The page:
Welcome to Noomi Rapace Online, your premiere web resource on the Swedish actress. Best known for her performances as Lisbeth Salander in the original "The Girl with the Dragon Tattoo" film trilogy, "Prometheus" and the recent Indie hit "Lamb", Noomi Rapace has emerged as one of the most exciting European actresses of this decade. This unofficial fansite provides you with all latest news, photos, editorials and video clips on her past and present work.  Enjoy your stay and check back soon.
Apr
23
2024

Johan Renck, the director of the new hit Netflix sci-fi movie, Spaceman, believes that especially today, you can do whatever the fuck you want and nobody will give a shit. “There are no rules.” Fellow Swede Noomi Rapace, who stars in the new Apple TV sci-fi series, Constellation, echoes a familiar sentiment. So what is the point of art? Typically an antagonism towards the machinaions of culture, the role of art today is especially to make us feel more than it is to make us think. In light of their concurrent releases, office Editor-in-Chief Simon Rasmussen (who has more in common with Noomi and Johan than their Scandinavian heritage) called them up to discuss life, love, isolation, reality, gargantuan spiders, creativity, and the role of traditional storytelling and a slower pace in a present driven by hysterical consumption. In this conversation, there are no rules to break. The complete interview can be read over at Office Magazine.

But all the responses to Spaceman and Constellation – the strong reactions and the love – suggests that these projects hit some kind of sweet spot in people because they question identity and reflect on life without cynicism. It’s interesting because a lot of things are cynical today and still work really well. Yet, there’ are previous generations who have already gone through the circle of cynicism, dealing with mental health issues when it was taboo to say, ‘I’m really fucking unhappy.” I feel like it’s less taboo to say that now. And as you say Simon, there’s this emerging subculture of youth that refuses to be online.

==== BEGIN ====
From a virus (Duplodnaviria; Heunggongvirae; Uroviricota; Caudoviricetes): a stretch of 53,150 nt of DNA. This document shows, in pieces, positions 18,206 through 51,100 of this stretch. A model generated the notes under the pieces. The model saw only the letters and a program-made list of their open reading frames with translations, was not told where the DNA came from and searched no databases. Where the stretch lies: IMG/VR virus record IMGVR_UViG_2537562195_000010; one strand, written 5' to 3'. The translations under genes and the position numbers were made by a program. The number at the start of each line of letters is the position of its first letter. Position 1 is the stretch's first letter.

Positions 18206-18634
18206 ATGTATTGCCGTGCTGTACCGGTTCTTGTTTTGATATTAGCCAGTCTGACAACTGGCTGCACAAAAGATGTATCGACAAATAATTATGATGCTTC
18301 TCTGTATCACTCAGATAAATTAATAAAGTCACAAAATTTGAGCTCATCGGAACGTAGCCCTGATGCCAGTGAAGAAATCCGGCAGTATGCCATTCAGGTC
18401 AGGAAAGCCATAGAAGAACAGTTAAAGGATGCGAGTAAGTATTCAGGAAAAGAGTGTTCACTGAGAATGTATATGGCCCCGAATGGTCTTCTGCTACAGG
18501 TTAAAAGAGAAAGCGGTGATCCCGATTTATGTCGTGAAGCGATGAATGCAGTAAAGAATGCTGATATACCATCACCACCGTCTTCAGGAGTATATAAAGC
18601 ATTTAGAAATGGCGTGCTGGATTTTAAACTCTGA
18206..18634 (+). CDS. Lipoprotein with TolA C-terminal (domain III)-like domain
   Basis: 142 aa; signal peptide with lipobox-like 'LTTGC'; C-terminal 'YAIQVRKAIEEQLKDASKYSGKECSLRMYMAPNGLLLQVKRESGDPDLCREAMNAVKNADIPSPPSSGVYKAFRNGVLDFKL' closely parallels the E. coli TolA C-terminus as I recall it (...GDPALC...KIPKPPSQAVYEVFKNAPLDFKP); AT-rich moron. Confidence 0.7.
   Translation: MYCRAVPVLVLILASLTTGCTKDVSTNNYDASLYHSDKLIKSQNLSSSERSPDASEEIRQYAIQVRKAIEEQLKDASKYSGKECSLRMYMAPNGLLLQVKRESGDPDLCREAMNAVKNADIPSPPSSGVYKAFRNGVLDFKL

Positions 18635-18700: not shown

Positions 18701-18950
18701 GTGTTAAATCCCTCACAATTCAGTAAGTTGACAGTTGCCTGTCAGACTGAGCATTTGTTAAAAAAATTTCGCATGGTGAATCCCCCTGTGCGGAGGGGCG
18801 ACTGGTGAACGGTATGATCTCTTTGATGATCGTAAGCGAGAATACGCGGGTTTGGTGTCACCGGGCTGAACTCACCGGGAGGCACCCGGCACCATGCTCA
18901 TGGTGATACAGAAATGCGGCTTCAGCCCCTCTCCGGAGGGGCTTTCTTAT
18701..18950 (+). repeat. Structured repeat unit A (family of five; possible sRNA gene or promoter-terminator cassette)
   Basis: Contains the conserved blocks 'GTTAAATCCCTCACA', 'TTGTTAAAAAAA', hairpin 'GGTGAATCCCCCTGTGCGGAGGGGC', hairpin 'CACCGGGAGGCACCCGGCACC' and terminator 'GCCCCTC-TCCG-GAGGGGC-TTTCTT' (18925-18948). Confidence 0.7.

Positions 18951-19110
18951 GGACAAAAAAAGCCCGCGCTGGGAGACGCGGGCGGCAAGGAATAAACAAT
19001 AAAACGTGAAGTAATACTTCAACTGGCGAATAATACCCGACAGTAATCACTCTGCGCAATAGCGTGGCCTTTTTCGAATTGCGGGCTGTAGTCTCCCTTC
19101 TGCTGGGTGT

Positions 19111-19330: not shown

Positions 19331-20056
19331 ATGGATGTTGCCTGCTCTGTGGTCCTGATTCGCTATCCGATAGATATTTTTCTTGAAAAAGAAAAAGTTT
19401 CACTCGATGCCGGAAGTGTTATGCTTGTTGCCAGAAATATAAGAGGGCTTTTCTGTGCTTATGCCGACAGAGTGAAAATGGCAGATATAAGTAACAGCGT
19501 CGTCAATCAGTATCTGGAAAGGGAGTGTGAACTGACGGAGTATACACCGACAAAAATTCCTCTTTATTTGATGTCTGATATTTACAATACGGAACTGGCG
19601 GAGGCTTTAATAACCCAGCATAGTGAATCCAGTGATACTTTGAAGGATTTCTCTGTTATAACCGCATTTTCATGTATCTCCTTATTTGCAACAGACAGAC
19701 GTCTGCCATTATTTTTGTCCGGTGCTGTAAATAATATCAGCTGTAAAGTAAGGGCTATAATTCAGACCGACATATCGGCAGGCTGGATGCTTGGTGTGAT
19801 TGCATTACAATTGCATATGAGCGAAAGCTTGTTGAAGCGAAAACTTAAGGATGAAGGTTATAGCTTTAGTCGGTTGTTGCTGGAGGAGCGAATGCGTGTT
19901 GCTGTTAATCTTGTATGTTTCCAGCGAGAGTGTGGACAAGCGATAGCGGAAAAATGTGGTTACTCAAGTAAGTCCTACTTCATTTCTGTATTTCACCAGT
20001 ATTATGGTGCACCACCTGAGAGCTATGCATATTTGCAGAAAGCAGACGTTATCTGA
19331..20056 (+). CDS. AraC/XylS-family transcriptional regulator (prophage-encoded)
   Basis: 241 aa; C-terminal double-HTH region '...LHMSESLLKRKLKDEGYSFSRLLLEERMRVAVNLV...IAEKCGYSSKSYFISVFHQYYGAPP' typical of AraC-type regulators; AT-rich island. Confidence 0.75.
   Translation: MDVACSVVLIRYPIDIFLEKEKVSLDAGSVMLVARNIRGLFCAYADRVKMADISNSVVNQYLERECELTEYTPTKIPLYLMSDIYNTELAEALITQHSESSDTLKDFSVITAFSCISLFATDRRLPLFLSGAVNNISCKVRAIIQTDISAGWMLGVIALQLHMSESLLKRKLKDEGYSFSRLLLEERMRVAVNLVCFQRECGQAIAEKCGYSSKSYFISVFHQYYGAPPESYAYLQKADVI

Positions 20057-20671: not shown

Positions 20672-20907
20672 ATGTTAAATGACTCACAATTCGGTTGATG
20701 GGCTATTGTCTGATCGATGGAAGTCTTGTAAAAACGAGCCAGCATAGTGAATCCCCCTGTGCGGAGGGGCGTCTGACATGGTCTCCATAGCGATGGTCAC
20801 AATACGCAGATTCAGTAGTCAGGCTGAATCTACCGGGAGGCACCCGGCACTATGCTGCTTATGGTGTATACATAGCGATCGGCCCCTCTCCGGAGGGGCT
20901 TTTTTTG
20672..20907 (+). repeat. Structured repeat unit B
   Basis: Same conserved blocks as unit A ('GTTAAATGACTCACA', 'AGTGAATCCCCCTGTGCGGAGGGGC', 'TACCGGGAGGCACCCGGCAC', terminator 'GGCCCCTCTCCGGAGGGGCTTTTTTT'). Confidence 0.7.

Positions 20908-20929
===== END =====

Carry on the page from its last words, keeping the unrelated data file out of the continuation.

Mar
29
2024

A new batch of articles and interviews from the “Constellation” press coverage has been added to the photo gallery, mostly from the British press and including Q&As with The Guardian and The Observer (many thanks to Alvaro for sending this in). And while we’re at it, I also found a couple of articles from the very sparse coverage for last year’s “Django”. A complete list of updates can be found below.

Related Media

Photo Gallery – Articles & Scans – 2024 – Empire Magazine (United Kingdom, May 2024)
Photo Gallery – Articles & Scans – 2024 – The Guardian (United Kingdom, March 04, 2024)
Photo Gallery – Articles & Scans – 2024 – The Observer (United Kingdom, March 03, 2024)